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Text To Speech (2008)


Irène Filiberti, may 2007


Body-image and other figures
Up until now Gilles Jobin has developed his gesture vocabulary whilst immersing himself into a choreographic exploration becoming ever more complex from one piece to the next. And with every new step or new production, language, materials and themes are sent back to the drawing board in a quest to ascertain its meaning. That of bodies and their link with their environment. From this point of view, the notion of mobility, be that movement and its trajectories have since A+B=X (1997) weighed upon image, time and representation, invariably leading off the beaten track, all the while reflecting on the modalities of living and whilst trying to clear modern-day spaces. Not through focusing on territory or culture, but through placing the onus on the deposit of forms, confronting the most elementary figures of the material world and human behaviour to new systems, be that media-related, technological or artistic. The explored material, the chosen aesthetic quality, ranging from everyday to fantastical, going from abstraction to dreamlike quality, had the work evolve towards more risk taking. Double Deux (2006), a sort of uninterrupted performance ritual carried out by twelve dancers, proffers freedom of choice, the positioning in the immediate here and now of the performers on stage. Through the course of events, the choreographer has equally gotten certain optical effects off his chest without in so doing abandoning angles, setting, or his particular point of view as made apparent by ways in which lights and musical atmosphere are conceived. From sound beds to other forms of bringing together or bringing into play, his last endeavour was to develop an on stage quality through the notion of continuous transition and turning up the heat on the bodies at work.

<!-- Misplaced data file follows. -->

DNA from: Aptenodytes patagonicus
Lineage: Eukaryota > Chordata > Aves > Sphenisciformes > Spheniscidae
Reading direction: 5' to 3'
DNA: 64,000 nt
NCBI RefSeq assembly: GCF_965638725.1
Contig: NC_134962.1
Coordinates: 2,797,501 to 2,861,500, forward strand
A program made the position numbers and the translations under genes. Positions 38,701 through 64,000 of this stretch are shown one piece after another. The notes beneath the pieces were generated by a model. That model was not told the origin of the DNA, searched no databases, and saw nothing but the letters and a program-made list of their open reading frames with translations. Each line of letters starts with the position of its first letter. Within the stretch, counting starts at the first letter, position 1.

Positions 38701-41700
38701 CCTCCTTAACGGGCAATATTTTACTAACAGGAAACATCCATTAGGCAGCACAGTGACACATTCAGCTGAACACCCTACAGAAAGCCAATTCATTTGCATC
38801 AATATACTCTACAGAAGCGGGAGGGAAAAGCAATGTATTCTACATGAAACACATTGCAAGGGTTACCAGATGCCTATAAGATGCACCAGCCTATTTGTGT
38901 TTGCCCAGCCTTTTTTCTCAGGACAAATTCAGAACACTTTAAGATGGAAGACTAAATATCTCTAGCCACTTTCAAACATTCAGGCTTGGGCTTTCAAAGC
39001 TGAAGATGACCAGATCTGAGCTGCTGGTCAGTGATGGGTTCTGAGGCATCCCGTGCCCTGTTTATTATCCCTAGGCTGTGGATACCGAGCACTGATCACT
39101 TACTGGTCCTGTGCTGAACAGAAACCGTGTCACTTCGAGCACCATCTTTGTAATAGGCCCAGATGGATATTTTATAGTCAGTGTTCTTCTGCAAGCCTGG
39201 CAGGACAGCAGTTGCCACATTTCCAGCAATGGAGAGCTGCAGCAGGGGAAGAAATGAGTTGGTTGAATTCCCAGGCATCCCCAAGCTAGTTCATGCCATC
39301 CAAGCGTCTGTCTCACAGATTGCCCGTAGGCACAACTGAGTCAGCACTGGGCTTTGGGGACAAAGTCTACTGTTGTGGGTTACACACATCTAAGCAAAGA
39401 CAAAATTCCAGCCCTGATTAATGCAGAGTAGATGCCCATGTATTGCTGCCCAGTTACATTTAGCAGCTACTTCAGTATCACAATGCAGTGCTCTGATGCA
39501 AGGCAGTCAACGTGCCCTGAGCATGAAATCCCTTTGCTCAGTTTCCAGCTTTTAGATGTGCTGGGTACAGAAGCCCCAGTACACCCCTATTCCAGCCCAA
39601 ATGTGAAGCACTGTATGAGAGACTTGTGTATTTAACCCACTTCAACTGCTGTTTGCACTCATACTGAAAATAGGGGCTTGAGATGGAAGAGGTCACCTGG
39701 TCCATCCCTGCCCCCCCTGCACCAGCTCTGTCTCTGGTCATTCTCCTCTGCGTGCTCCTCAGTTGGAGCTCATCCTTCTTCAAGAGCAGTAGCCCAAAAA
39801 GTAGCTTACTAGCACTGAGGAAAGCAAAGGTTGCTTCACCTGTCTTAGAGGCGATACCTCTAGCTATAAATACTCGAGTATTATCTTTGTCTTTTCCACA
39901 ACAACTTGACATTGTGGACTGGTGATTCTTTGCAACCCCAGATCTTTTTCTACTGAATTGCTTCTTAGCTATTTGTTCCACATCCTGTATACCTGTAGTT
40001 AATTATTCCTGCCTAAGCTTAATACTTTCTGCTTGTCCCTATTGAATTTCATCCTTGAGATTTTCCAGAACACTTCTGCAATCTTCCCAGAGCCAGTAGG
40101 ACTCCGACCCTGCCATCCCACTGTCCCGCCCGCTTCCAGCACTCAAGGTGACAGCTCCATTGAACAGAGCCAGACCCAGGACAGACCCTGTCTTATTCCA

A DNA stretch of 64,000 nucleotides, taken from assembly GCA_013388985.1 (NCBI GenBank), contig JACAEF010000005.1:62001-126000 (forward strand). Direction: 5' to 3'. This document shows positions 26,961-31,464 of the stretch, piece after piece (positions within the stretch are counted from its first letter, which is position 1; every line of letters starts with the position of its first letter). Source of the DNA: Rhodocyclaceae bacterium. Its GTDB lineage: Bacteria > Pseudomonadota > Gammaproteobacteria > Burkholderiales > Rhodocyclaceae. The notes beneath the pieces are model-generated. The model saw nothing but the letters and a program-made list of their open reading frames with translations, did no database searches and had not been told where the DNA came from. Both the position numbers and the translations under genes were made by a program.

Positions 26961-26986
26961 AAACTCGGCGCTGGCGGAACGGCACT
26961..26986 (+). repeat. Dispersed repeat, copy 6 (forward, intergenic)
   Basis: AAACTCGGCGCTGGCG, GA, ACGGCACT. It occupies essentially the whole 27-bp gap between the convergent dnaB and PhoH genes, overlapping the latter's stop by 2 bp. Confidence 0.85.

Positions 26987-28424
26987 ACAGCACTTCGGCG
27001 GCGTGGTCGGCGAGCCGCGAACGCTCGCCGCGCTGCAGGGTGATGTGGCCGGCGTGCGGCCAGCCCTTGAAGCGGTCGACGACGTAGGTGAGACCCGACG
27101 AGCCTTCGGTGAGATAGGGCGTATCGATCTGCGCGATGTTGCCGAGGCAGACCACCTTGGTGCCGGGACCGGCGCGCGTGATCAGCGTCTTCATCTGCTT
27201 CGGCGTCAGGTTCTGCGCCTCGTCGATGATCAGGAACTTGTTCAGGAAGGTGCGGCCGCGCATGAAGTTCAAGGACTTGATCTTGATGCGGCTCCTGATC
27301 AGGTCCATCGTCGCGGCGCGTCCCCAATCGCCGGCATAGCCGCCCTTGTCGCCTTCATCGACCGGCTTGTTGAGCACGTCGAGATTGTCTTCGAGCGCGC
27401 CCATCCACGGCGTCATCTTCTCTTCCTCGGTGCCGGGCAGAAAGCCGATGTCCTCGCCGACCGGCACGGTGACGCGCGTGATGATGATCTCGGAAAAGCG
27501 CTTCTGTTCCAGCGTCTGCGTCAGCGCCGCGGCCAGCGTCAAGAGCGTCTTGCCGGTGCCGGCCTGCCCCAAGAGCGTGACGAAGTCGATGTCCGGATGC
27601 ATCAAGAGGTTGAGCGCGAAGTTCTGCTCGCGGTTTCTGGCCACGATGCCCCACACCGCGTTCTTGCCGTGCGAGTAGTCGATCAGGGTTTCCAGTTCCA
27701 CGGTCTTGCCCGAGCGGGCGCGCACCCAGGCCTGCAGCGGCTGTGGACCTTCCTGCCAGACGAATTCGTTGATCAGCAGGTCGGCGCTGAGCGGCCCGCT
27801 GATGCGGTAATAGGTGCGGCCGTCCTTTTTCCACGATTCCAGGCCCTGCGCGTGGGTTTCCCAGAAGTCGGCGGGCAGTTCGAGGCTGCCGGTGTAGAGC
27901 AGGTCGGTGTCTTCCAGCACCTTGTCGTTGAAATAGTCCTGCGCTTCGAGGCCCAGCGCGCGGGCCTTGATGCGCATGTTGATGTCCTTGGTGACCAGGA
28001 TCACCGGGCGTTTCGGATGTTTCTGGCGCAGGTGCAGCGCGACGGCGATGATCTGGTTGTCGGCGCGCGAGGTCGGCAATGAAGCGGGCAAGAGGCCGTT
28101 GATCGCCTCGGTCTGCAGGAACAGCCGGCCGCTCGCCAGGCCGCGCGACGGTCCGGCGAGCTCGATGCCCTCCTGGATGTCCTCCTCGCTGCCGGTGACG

An unfolded process
More intuitive than conceptual, Gilles Jobin comes up with disruptive strategies adapted to each creation; games and constraints are his aides-de-camp to modify the working process as well as to re-invent his approach to the body. From the effect of the grid on the floor used in The Moebius Strip (2001) to the simultaneous and contradictory actions of Double Deux, from the organically organized movement that featured in several pieces until Under Construction (2004) and TWO-THOUSAND-AND-THREE (2003), up to the recently explored notion of continuous transition, the choreographic structure creates or absorbs different systems destined to offer new challenges, to overthrow received ideas, to interrogate the here and now. Thus, the approach of the work and the artistic questioning remain constantly subjected to modification and variation.


Text to Speech, first venture into the world of words